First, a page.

...but I didnt let the extended frosty silence from the entitled spoil the pleasures of complimentary socks, proper cutlery and fresh fruit...and so much space ...sigh.
I was an IT journalist during the dot-com boom. I got flown places business-class most of the time.
I liked the lounges: being able to arrive three or four hours early outbound at Hong Kong airport and relax in a comfortable booth with the latest available edition of the The Guardian and as much high-quality food and drink as I required ...
Given that that period followed directly on from my unemployed-meets-working-poor-with-family era, it was pretty amazing.
Those days are long gone now, of course ...
David, it might be some consolation that the people who own the brilliant Richmond Road Cafe are soon to open a new place at the north end of Takapuna Beach.
Doesn't look like it'll be for kiddies though ...
When the line was being put in around the turn of the 20th Century, the engineers employed by the Liberal government costed putting a camber on the line, to enable trains to travel faster around bends in the track. The cost of bedding this in proved too expensive, so the track was laid flat, limiting New Zealand rail speeds ever since.
An infrastructure classic.
Remind me why we shouldn't start installing fibre for that other network?
Sure, just as I'm sure there are any number of ageist, racist religious bigots out there who would have found my (49 year-old Maori Protestant) father and (27 year old white Catholic) mother's marriage icky on multiple fronts. The Marriage Act has nothing to say about it, and shouldn't do so.
Fair enough. I should make clear that my preference would have been for same-sex marriage. I'm just not that exercised about the difference.
(Although my darling is, in a negative sense -- she has no interest in marriage, but was countenancing a CU on principle during the whole legislative furore.)
But -- serious question, not a wind-up -- isn't your other problem that the church in which you have placed your faith wouldn't facilitate or bless a same-sex marriage, no matter what the law said?
So as usual at Mangere yesterday I glanced at my ticket (seat 9D) and just waited to be among the last called. When I got on I realised I was actually among the first beckoned: those who need assistance, have children or a rilly rilly rich and ride in comfort.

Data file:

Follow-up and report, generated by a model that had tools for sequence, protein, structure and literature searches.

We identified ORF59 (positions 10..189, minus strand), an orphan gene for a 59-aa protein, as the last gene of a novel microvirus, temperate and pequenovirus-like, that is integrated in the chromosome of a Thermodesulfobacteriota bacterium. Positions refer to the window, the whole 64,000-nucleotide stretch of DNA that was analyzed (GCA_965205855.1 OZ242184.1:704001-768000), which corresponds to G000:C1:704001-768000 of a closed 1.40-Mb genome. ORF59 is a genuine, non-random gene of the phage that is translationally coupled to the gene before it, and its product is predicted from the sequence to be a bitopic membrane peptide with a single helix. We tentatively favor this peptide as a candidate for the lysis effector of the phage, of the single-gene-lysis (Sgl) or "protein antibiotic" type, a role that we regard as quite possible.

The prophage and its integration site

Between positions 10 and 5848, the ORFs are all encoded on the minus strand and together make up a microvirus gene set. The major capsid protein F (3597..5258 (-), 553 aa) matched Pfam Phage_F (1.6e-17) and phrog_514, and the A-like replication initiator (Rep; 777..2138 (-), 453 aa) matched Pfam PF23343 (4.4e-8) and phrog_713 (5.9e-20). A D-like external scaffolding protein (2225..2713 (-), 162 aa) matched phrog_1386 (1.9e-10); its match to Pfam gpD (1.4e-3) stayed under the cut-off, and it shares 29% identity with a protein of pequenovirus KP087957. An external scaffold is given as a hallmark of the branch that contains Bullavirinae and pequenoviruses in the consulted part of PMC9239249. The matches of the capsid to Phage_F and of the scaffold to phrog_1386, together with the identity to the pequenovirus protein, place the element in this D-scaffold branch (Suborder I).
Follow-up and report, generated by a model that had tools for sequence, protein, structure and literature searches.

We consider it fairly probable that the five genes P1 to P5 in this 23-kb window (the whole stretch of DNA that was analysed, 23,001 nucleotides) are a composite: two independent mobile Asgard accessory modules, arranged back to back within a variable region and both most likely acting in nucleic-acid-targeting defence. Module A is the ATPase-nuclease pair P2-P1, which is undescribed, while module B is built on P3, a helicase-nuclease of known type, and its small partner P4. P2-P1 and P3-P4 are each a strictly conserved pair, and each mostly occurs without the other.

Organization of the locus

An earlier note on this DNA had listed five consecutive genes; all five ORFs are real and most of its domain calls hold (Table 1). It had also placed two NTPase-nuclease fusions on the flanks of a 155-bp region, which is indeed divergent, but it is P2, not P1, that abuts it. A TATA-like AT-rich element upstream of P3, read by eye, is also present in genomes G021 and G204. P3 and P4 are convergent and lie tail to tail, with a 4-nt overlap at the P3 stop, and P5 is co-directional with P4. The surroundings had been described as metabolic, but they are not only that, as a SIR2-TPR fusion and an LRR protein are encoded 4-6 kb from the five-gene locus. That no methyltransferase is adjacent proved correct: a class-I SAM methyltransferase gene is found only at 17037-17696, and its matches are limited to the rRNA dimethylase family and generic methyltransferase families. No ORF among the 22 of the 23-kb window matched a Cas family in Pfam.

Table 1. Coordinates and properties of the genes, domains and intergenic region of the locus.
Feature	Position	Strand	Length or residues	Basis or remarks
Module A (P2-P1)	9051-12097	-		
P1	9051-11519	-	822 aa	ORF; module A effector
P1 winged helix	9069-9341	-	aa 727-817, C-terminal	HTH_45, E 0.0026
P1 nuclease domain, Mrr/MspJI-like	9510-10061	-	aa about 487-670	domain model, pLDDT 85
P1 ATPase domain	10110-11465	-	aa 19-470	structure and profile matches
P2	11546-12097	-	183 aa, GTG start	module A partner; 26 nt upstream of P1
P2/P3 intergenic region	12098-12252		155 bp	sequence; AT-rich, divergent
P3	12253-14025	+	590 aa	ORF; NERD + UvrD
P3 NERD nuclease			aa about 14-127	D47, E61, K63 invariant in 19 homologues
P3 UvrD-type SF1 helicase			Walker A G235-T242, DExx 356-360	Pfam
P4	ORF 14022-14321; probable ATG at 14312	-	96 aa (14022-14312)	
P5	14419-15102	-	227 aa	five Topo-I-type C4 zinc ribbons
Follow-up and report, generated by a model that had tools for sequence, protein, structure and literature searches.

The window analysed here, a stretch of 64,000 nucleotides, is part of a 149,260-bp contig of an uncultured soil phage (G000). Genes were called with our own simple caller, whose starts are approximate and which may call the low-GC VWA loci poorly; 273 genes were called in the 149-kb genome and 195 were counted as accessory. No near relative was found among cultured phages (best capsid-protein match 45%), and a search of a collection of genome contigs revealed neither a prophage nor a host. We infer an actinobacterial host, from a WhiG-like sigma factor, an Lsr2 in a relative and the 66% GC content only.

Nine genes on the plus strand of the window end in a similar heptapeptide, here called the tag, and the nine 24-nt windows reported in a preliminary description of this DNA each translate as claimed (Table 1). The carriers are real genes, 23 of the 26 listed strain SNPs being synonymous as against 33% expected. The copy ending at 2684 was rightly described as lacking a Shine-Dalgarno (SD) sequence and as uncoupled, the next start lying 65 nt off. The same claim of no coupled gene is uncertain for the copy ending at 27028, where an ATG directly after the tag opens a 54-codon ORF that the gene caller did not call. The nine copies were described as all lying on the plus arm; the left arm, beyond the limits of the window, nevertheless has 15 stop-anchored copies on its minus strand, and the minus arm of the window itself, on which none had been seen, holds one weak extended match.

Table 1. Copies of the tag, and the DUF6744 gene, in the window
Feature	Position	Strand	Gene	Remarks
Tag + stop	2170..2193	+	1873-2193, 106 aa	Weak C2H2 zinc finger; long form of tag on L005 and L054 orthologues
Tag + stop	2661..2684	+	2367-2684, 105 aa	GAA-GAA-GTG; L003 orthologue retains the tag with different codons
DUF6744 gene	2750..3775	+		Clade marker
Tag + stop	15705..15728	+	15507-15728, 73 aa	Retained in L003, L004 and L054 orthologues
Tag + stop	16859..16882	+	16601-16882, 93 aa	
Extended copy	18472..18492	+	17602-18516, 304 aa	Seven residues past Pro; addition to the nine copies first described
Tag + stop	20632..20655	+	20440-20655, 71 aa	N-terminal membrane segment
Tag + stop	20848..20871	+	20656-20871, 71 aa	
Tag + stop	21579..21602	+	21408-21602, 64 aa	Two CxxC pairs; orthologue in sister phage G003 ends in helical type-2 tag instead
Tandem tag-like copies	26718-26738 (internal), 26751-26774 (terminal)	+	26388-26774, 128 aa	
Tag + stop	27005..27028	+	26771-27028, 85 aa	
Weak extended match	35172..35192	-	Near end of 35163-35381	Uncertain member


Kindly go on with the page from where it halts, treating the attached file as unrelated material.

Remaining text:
Oh damn. I really wanted to apply for one of those grants, but because of a certainly weekly broadcast commitment, I can't go anywhere for more than a couple of days this year. I mean, I'm not complaining, but ...
I had coffee with an old buddy that was into copious amounts of hallucinogenic drugs and also some amphetamines thru-out his teens. He was back in New Zealand to attend the university graduation ceremony, and officially collect his PHD. He is a star gazer.
The brilliant Carl Sagan was also a dedicated chemical explorer. Perhaps it goes with the territory.
I'd pay fifteen bucks for that steak and feel happy. At thirty, I feel like someone's having a laugh.
Thirty bucks for a middle-market steak and chips? They're having a laff.
I think the right societal compromise is NOT civil unions - it ought to be marriage for everyone - I understand there are some people for whom there are religious issue and I think we should allow them to refuse to marry people in their churches if their religion has a problem - but they shouldn't be allowed to tell other people what to do in their churches (or whereever)
My darling and I celebrate 20 years of unmarried bliss this year. And as someone who hasn't felt the need for marriage, I'm prepared to accept that many people do think that "marriage" is strictly between a man and a woman. Whatever. The key thing to me is the ability to have a relationship formally recognised, and I'm not that bothered about what it's called. And anyway, who doesn't call a civil union ceremony a wedding these days anyway?
The only sound argument against civil unions is the argument for gay marriage; I have no problem with that. I just don't feel that strongly about marriage as to regard civil unions as the "back of the bus".
As for the argument that "it makes more sense for the government to subsidise a public enterprise than a private one", would you care to expand on that?
The government bought back the network from Toll, which made it clear it could not and would not make the investment necessary to keep the tracks in good order. Toll seemed to further be of the view that it couldn't maintain services on a purely commercial basis, and would need subsidies. Cullen figured that it made more sense for the taxpayer to support a business owned by the taxpayer, rather than hand money to Australian shareholders.